Speaking Out! House proposed budget is mean-spirited
House proposed budget is mean-spirited
Child advocates are alarmed at recent House plans that would sacrifice services children and families rely on. The House will vote on a proposed federal budget later this week that promises huge cuts to feeding programs, health services and more.
The federal budget
Given the nearly total gridlock on Capitol Hill, the House seems to know that a federal budget isn’t likely to pass before the election. Freed from the consequences of their plans, House members have indulged in massive cuts they can brag about on the campaign trail. But even if these cuts don’t go beyond the House, they are still disturbing for the way they target child services.
Low-income families lack lobbyists, and they make easy targets for cuts. Nearly two-thirds of the cuts would come from programs that help needy children and families, according to the Center on Budget and Policy Priorities. Food stamps, now known as SNAP, is hit hard, with the new budget expected to eliminate 1.8 million people from the program. This is especially callous considering that around half of SNAP recipients are children. And because children in families that receive SNAP benefits are automatically eligible for free and reduced school meals, some 280,000 children whose families will lose their SNAP benefits under this bill will also lose access to school programs.
The House budget would also permanently repeal the Social Services Block Grant, eliminating $1.7 billion in support for daycare, adoption, protective services and more. That plan, from the powerful House Ways and Means Committee, would also effectively exclude immigrants from collecting the Child Tax Credit, which helps working families with the costs of raising children. Subsidies that would help low-income families afford health coverage are also in danger.
These budget reductions slash below even the stiff cuts imposed by the deal that ended last fall’s budget standoff (the debt ceiling debacle). The cuts follow the blueprint of the House budget resolution that passed along party lines earlier this year (which Voices described at the time as “brutal”).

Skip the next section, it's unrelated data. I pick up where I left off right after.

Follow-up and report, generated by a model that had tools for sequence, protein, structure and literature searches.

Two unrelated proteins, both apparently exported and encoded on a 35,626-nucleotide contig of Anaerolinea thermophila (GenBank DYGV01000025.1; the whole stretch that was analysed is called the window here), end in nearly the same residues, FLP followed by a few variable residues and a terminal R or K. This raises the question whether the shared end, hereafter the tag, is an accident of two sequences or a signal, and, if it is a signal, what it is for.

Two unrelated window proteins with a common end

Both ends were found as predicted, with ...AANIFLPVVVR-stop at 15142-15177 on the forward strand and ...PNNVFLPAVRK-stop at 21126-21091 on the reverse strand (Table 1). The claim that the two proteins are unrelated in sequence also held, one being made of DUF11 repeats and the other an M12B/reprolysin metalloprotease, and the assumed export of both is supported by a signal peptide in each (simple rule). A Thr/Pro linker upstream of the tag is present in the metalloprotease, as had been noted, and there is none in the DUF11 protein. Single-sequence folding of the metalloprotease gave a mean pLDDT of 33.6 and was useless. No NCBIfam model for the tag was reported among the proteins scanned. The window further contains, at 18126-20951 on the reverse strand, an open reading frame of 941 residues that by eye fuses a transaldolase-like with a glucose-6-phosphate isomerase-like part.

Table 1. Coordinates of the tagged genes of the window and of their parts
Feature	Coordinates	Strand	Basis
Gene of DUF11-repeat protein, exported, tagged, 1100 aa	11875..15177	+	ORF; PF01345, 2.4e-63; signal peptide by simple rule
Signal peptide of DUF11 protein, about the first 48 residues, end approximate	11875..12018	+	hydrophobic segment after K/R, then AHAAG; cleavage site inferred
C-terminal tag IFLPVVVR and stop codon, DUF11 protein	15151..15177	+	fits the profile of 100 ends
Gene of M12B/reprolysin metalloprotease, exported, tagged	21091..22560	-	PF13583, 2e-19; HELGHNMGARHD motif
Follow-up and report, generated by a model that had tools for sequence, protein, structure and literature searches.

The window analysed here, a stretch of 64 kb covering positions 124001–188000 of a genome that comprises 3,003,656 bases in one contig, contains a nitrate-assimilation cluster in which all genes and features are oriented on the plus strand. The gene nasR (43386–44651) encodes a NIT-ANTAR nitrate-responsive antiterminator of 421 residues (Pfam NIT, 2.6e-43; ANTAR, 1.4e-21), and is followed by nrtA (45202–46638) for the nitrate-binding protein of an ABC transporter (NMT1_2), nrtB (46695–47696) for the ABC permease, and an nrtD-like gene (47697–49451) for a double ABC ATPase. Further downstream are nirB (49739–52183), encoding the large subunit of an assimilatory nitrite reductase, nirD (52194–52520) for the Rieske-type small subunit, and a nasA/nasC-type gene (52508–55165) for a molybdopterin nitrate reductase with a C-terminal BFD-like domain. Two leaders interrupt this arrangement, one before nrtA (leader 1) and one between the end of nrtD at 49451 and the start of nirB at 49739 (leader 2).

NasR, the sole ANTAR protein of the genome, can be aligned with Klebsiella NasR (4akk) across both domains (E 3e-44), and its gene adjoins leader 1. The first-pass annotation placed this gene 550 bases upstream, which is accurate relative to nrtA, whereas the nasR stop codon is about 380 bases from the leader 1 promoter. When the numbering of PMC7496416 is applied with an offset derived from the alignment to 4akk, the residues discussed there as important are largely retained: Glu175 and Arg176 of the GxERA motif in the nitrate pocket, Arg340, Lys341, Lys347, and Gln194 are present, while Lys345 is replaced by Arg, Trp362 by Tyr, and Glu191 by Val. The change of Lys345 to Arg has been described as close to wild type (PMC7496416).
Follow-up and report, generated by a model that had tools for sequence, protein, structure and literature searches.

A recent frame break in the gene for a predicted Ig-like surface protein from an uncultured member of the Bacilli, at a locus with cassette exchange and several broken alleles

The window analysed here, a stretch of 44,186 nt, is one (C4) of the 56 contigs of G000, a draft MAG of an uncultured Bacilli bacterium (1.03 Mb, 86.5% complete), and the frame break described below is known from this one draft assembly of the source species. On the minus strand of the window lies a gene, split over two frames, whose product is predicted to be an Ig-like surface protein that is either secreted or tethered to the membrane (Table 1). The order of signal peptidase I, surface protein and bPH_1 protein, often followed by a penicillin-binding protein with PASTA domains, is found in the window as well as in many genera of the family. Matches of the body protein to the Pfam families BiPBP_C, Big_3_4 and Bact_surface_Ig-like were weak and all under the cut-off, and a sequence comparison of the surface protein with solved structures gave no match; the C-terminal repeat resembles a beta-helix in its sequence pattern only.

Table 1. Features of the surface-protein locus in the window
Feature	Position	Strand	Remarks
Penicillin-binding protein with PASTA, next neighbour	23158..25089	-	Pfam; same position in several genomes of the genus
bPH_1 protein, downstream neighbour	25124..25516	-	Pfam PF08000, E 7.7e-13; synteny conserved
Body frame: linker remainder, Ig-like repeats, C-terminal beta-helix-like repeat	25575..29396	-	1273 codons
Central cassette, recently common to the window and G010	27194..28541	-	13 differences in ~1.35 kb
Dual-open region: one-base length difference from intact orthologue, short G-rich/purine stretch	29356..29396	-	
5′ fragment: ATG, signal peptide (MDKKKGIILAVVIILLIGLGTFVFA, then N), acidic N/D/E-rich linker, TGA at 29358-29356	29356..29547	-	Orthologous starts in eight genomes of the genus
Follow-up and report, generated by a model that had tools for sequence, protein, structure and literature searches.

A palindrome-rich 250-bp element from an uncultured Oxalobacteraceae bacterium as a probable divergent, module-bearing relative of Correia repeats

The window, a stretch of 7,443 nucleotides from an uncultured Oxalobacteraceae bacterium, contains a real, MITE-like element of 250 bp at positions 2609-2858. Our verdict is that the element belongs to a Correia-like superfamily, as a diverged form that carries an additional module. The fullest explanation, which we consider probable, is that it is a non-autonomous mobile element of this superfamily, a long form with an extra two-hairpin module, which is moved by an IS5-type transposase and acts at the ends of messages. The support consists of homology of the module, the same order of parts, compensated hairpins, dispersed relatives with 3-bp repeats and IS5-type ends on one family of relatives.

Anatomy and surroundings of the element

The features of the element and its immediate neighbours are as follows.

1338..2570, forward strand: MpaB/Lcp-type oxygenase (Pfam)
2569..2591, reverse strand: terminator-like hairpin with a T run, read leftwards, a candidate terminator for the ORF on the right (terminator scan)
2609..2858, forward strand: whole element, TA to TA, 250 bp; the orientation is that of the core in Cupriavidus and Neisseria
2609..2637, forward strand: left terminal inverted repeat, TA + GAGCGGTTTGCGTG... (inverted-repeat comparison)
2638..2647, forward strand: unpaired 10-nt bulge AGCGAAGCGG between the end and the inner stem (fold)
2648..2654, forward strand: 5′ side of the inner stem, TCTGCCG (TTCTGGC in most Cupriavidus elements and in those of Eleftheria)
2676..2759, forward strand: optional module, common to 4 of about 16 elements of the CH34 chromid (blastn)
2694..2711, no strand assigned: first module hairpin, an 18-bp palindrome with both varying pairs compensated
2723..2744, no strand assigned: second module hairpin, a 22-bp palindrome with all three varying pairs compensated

As a note on process, the House is seeking to do this through “reconciliation,” which you may remember was also how the hotly contested health reform law was passed. In all, House committees were instructed to find $261 billion in cuts to mandatory programs over 10 years. It’s a shame that American children must be the ones to have to come up with most of it.
Student loan debate moves to the Senate this week
The interest rate for some federally subsidized student loans could double this summer unless Congress acts. Recently, the House passed a measure that taps health prevention funds to keep student loan interest rates down.
Obviously Voices wants to prevent a spike in the cost of college for students and families, but not at the expense of health services. Both programs help ensure the security of many of the same working-class American families; pitting them against each other is lunacy.
Without congressional action by July 1st, low-and-moderate income students across the U.S. will be at risk for their loans to double from 3.4 percent to 6.8 percent. If this increase occurs, the average student will see their education costs go up by about $1,000 per year of school, according to a report released last week by the Young Invincibles, Center for American Progress, Campus Progress, and U.S. PIRG.
The House would raid health reform’s Prevention and Public Health Fund to prevent the student loan increase. According to the latest breakdown on the HHS website, this fund is currently supporting child immunizations, breastfeeding promotion, nutrition and anti-obesity activities, tobacco prevention, racial and ethnic approaches to community health, and programs to help communities fight chronic diseases.
This week, the debate moves to the Senate. Unlike the House measure, the Senate bill is paid for by closing a loophole that makes it possible for some companies to avoid paying Social Security and Medicare payroll taxes.
On behalf of Americans who depend on student loans and cannot afford to shoulder higher interest rates, Voices urges quick resolution.